45 years ago today, legendary civil rights activist and Black Panther leader Fred Hampton was gunned down by Chicago detectives and members of the FBI during a raid. As he slept next to his 8 month pregnant partner, the last moments of his life were stolen by the boys in blue. Like most of the members of the Black Panther Party, Hampton was a force to be reckoned with. Law officials quickly labeled the party’s message as trouble, that was filled with colorful white hate imagery. The reality was that Hampton and others were promoters of black love, not white hate, a very dangerous message during that time.
Fred Hampton was born on August 30, 1948 in Summit, Illinois. He grew up in Maywood; his parents having moved north from Louisiana. Throughout his educational career, Hampton was known for his sharp intellect and agile athletic ability. Even during his early years, Hampton possessed an undeniable leadership quality that could not be ignored.
So it’s no surprised that at age 20, he would become a leader of one of the most powerful black power organizations in the country. While studying at Triton Junior College, Hampton took up pre-law as a way to defend himself and other black people against the inaccurate justice system. The Panthers took an active role in watching out for members of the under-served black community. When officers would arrest and interact with members of the community, the panthers were there. There to make their presence known, but more importantly, there to let the police and other law officials know that we look out for our own “by any means necessary.”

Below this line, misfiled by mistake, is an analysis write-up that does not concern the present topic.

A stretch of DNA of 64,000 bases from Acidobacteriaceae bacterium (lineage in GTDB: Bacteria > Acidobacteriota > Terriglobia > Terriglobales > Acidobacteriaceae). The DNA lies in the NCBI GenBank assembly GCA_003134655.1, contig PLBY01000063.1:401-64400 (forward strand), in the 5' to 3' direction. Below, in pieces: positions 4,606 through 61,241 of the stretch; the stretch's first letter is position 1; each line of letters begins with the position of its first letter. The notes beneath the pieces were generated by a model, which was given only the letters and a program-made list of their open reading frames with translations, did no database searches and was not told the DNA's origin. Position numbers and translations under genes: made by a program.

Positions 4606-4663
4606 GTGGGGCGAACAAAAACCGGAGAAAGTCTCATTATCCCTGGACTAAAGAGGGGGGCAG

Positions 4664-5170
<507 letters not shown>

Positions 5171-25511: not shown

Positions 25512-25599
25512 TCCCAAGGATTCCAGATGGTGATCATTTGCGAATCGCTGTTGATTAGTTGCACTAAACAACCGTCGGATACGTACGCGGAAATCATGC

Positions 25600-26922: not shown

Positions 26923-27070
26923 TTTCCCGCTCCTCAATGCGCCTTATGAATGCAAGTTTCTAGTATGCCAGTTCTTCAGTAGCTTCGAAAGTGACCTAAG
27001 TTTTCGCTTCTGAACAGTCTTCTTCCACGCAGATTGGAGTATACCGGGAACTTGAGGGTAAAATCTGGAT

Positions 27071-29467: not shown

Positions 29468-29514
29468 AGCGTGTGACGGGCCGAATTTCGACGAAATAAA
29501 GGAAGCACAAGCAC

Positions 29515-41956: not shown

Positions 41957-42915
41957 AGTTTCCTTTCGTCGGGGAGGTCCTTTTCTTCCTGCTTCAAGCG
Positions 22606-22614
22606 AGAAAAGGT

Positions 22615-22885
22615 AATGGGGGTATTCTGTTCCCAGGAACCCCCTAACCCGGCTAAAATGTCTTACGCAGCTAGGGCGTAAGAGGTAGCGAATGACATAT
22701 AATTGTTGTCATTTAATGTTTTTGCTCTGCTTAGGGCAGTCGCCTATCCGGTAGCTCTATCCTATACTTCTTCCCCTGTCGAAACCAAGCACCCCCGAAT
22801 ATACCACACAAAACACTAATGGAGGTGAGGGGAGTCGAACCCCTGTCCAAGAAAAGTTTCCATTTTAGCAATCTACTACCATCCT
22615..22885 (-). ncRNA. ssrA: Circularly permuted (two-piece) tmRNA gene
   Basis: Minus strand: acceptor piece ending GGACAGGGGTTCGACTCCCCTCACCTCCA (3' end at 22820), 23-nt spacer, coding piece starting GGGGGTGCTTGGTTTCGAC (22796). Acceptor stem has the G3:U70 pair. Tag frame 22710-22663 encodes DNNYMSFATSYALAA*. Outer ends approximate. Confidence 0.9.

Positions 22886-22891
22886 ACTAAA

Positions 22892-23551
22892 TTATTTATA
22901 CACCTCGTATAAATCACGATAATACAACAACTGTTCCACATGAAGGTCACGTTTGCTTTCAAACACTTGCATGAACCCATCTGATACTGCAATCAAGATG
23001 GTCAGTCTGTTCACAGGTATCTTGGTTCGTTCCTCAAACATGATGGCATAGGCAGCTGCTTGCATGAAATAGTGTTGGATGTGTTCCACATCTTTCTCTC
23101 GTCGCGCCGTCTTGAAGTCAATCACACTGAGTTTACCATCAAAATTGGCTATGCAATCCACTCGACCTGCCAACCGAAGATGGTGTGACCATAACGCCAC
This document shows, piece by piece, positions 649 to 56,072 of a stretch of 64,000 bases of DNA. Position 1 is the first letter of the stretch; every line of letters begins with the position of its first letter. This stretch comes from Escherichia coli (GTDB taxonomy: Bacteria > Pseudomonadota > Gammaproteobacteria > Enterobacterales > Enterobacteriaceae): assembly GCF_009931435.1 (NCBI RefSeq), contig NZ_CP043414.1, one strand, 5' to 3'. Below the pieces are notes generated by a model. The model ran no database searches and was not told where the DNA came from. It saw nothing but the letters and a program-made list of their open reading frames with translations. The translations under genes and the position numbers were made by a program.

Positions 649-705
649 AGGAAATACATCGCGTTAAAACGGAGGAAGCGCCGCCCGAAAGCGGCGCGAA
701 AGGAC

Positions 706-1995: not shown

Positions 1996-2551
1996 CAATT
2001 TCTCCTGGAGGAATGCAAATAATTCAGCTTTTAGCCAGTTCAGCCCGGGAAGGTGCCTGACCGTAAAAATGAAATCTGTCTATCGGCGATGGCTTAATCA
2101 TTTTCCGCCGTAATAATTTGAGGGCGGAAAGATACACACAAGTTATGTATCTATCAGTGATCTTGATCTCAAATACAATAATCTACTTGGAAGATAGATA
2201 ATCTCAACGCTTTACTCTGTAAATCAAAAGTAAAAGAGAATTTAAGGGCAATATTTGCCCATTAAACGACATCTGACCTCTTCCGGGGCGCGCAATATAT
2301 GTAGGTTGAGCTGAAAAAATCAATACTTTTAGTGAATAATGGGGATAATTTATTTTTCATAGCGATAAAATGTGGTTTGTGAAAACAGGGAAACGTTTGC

Hampton’s legacy goes well beyond being radical. He worked to ensure better resources for the city’s youth in neighborhoods on the west side. As an active leader on the NAACP’s Youth Council, Hampton worked to educate our youth, instilling values of self-love, self-preservation and political thought and intellectual dialect into the daily routines of young black kids.
To me, Fred Hampton was more than a revolutionary, he was a brilliantly defiant hero. Few people are willing to stand up for the rights of people and the many injustices that plague minorities, let alone before being able to legally consume alcohol. While it is apparent that Hampton’s legacy lives on in the forms of award-winning documentaries, discussions and celebrations in his honor, I cannot help but wonder how powerful his legacy, along with other young notable black activists from the 1960s would be if we picked up the torch and took action today.